Lambert azimuthal equal-area projection

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Lambert azimuthal equal-area projection of the world. The center is 0° N 0° E. The antipode is 0° N 180° E, near Kiribati in the Pacific Ocean. That point is represented by the entire circular boundary of the map, and the ocean around that point appears along the entire boundary.
The Lambert azimuthal equal-area projection with Tissot's indicatrix of deformation.

The Lambert azimuthal equal-area projection is a particular mapping from a sphere to a disk. It accurately represents area in all regions of the sphere, but it does not accurately represent angles. It is named for the Swiss mathematician Johann Heinrich Lambert, who announced it in 1772.[1] "Zenithal" being synonymous with "azimuthal", the projection is also known as the Lambert zenithal equal-area projection.[2]

The Lambert azimuthal projection is used as a map projection in cartography. For example, the National Atlas of the US uses a Lambert azimuthal equal-area projection to display information in the online Map Maker application,[3] and the European Environment Agency recommends its usage for European mapping for statistical analysis and display.[4] It is also used in scientific disciplines such as geology for plotting the orientations of lines in three-dimensional space. This plotting is aided by a special kind of graph paper called a Schmidt net.[5]


A cross sectional view of the sphere and a plane tangent to it at S. Each point on the sphere (except the antipode) is projected to the plane along a circular arc centered at the point of tangency between the sphere and plane.

To define the Lambert azimuthal projection, imagine a plane set tangent to the sphere at some point S on the sphere. Let P be any point on the sphere other than the antipode of S. Let d be the distance between S and P in three-dimensional space (not the distance along the sphere surface). Then the projection sends P to a point P′ on the plane that is a distance d from S.

To make this more precise, there is a unique circle centered at S, passing through P, and perpendicular to the plane. It intersects the plane in two points; let P′ be the one that is closer to P. This is the projected point. See the figure. The antipode of S is excluded from the projection because the required circle is not unique. The case of S is degenerate; S is projected to itself, along a circle of radius 0.[6]

Explicit formulas are required for carrying out the projection on a computer. Consider the projection centered at S = (0, 0, −1) on the unit sphere, which is the set of points (x, y, z) in three-dimensional space R3 such that x2 + y2 + z2 = 1. In Cartesian coordinates (x, y, z) on the sphere and (X, Y) on the plane, the projection and its inverse are then described by

In spherical coordinates (ψ, θ) on the sphere (with ψ the colatitude and θ the longitude) and polar coordinates (R, Θ) on the disk, the map and its inverse are given by [6]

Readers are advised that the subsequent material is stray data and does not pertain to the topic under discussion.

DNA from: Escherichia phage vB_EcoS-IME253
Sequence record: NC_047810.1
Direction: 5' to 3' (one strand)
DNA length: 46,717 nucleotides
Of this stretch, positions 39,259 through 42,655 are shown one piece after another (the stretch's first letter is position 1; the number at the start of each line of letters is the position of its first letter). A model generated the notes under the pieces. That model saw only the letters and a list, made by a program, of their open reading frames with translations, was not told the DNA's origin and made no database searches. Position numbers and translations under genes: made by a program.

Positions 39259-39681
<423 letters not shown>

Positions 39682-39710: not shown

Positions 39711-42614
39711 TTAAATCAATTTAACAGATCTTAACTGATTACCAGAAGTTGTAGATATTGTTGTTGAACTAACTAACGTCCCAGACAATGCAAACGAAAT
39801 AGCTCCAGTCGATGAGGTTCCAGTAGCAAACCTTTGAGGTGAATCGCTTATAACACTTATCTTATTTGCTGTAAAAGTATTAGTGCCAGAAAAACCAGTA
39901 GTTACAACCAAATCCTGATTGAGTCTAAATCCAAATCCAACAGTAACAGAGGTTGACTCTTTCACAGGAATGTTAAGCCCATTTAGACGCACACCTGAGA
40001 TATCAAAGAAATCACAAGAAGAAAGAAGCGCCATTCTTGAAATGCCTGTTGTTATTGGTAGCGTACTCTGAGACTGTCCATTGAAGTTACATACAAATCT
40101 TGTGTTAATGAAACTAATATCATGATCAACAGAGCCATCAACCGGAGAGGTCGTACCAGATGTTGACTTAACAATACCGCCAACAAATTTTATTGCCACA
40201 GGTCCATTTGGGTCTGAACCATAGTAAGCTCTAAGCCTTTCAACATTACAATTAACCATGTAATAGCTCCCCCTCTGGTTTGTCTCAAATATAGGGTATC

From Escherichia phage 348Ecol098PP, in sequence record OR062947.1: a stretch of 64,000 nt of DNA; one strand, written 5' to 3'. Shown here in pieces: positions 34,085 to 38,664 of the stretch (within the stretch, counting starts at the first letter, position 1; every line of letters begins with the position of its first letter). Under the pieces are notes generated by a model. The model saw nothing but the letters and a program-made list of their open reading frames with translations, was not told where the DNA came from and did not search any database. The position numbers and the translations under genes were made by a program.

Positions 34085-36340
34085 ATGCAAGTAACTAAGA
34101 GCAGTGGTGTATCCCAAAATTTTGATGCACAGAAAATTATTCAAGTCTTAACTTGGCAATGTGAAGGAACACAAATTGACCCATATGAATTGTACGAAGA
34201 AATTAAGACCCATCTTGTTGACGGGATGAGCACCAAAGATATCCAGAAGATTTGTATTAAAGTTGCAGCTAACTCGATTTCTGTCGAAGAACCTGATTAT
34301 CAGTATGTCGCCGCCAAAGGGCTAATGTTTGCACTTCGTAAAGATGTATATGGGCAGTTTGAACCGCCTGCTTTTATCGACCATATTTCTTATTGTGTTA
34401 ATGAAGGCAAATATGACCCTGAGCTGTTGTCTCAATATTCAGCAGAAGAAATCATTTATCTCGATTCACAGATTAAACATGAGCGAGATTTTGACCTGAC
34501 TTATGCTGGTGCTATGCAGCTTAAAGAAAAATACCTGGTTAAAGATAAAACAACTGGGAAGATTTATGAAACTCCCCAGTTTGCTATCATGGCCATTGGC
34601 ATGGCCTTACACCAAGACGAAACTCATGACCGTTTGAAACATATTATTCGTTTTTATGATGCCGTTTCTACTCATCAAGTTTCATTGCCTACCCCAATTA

In cylindrical coordinates (r, θ, z) on the sphere and polar coordinates (R, Θ) on the plane, the map and its inverse are given by

The projection can be centered at other points, and defined on spheres of radius other than 1, using similar formulas.[7]


As defined in the preceding section, the Lambert azimuthal projection of the unit sphere is undefined at (0, 0, 1). It sends the rest of the sphere to the open disk of radius 2 centered at the origin (0, 0) in the plane. It sends the point (0, 0, −1) to (0, 0), the equator z = 0 to the circle of radius 2 centered at (0, 0), and the lower hemisphere z < 0 to the open disk contained in that circle.

The projection is a diffeomorphism (a bijection that is infinitely differentiable in both directions) between the sphere (minus (0, 0, 1)) and the open disk of radius 2. It is an area-preserving (equal-area) map, which can be seen by computing the area element of the sphere when parametrized by the inverse of the projection. In Cartesian coordinates it is

This means that measuring the area of a region on the sphere is tantamount to measuring the area of the corresponding region on the disk.

On the other hand, the projection does not preserve angular relationships among curves on the sphere. No mapping between a portion of a sphere and the plane can preserve both angles and areas. (If one did, then it would be a local isometry and would preserve Gaussian curvature; but the sphere and disk have different curvatures, so this is impossible.) This fact, that flat pictures cannot perfectly represent regions of spheres, is the fundamental problem of cartography.

As a consequence, regions on the sphere may be projected to the plane with greatly distorted shapes. This distortion is particularly dramatic far away from the center of the projection (0, 0, −1). In practice the projection is often restricted to the hemisphere centered at that point; the other hemisphere can be mapped separately, using a second projection centered at the antipode.


The Lambert azimuthal projection was originally conceived as an equal-area map projection. It is now also used in disciplines such as geology to plot directional data, as follows.